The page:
One Saturday morning at the Salt Lake City Veterans Affairs Medical Center, I got out of a call room bed and realized I had done it. The year everyone dreads, the year everyone says, “you just need to get through” was finally over. I had completed my write-ups on all the patients I admitted overnight. My emergency room consultation requests had been seen. I checked my pager for missed pages: nothing. I was done. I walked out to the parking lot, took a last look at the massive Wasatch Mountain Range behind me and went home. I was no longer a medical intern. I was officially a resident physician.
Waking up in scrubs that last day in a call room bed that had become as familiar as my bed at home contrasted starkly with my first day walking in my ill-fitting tie and oxford onto the inpatient psychiatric unit at the University Hospital. The number of “I don’t knows” that first day was daunting. I didn’t even know where to sit to start reading up on patient charts. Once I found out where to sit, from a technology standpoint, I realized I also didn’t know how to read: having come from a medical school where paper charting was the norm, not only had I never officially entered orders into a computer, I’d never even cycled through a computerized charting system outside of our training session the week prior. I had just been hired on the basis of a credential that took eight years after high school to earn and yet I didn’t know how to open a single patient’s chart.
As I reflect on my internship, I am amazed at the staggering difference I felt at year’s end. Not only did I learn where to sit and read, I learned when instead of sitting and reading I should be standing and running to my patients. I learned when to call more senior trainees off of whom I could bounce treatment decisions. In more serious circumstances I learned when I should call upon full Professors of medicine in the middle of the night to help weigh life-or-death decisions requiring the advice of clinicians with decades of experience.
To the uninitiated, the idea that graduated medical school students are not prepared to take full responsibility for patient care may sound surprising, if not scary. Some senior physicians rarely call new graduates “doctors” despite this being technically correct. Indeed internship is where ‘medical education’ (the foundational elements of clinical medicine are obtained) meets ‘medical training’ (wherein the actual practice of medicine begins). Residency (the years following internship) are the formative years when one earns a state medical license, takes ownership of a specialty and prepares to practice that specialty independently.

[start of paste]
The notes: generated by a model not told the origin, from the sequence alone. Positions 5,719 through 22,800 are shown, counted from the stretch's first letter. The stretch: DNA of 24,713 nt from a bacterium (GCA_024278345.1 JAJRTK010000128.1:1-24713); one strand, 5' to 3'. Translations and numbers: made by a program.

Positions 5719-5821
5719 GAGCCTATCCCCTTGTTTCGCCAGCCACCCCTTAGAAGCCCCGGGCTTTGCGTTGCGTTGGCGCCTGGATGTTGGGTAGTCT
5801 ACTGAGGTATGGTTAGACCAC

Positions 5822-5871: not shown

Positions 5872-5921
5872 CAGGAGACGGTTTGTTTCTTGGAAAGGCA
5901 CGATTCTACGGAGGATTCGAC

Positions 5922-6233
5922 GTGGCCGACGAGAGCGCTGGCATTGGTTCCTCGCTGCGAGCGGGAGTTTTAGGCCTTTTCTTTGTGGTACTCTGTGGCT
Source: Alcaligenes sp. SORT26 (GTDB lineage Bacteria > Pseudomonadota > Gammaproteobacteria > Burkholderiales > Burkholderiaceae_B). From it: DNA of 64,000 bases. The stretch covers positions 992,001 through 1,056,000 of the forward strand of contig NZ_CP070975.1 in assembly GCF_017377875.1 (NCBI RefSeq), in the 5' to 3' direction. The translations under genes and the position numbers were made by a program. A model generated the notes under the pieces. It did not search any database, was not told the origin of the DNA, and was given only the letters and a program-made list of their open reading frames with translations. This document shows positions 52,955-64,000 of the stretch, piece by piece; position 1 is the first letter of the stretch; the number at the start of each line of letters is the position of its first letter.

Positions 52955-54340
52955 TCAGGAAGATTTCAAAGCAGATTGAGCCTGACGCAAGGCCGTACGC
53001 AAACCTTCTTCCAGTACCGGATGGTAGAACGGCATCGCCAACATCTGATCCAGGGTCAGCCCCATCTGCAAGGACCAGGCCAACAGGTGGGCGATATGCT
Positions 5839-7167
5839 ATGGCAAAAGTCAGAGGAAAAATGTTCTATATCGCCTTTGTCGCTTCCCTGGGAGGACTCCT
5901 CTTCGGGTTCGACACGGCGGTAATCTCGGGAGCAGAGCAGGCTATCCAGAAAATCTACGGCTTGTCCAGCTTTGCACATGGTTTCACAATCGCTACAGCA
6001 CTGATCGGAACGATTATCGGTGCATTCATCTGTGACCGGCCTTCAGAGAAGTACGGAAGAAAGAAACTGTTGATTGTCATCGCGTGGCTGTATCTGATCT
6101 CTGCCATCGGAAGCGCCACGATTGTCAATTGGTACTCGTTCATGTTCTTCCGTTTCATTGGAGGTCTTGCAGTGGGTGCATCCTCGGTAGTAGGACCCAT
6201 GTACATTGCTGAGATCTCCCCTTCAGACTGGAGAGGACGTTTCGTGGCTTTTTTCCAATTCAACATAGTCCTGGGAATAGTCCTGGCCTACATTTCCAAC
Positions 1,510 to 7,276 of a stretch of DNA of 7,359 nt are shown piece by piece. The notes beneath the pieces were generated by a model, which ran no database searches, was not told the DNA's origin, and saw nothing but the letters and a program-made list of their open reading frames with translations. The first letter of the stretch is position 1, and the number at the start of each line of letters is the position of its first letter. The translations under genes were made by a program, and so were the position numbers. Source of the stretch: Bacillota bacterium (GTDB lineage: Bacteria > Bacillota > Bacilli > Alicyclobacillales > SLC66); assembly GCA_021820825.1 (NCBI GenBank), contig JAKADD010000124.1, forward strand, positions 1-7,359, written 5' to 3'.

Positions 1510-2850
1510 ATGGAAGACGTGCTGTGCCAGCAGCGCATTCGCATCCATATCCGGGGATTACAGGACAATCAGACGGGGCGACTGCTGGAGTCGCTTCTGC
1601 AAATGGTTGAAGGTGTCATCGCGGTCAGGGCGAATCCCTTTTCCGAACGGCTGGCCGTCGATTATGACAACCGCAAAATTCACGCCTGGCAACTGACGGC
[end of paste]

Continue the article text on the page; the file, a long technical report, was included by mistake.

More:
The path to this clinical independence starts in the initially awkward responsibilities of internship. Like every other intern in the country, I was tagged with the archetypal physician tether: the pager. In medical school I had a pager but no one expected actual medical knowledge attached to its plastic clip. So used was I to this state of ignorance, when my first page as an intern came through I answered as usual: “Hi, this is Arjune, the 4th year med student.” I was a full sentence into my routine when I realized my unconscious mind had yet to adjust to my recently earned degree and its portents. I was not a student anymore and couldn’t hide behind the comfort of being a paying student seeking knowledge. I was now a salaried physician, albeit lowest on the totem pole, with obligations to patients, consultations to other physicians, and the education of my own medical students. By the end of the year not only was I responding with my actual title, I was also making clinical decisions with authority.
The “M.D.” on every new graduate’s blindingly white (yet to be used) new coat speaks to two polar opposite qualities: this will forever be the apex of one’s grasp of the theoretical basis of medicine and the absolute nadir of one’s experience with respect to applying these concepts in an actual hospital. The third and fourth years of medical school bridge this gap to a certain extent with clinical rotations through the major services of a general hospital such as internal medicine, surgery, psychiatry, pediatrics and obstetrics/gynecology, but the gravity of these experiences are tempered by the fact that the word “student” is attached both in the minds of staff as well as the student. The word “student” takes on a convenient amorphousness; some days it was irritatingly pejorative and on others I clung to it with the desperation of a security blanket.
This July, roughly 20,000 newly minted M.D.s will begin internships in American hospitals. In other words, on Monday, July 1st, 2013, 20,000 people will have their blankets taken away. If you listen carefully you will almost hear the collective rush of wind and inevitable whimper.
Arjune Rama is a resident physician in psychiatry and can be reached on Twitter @arjunerama.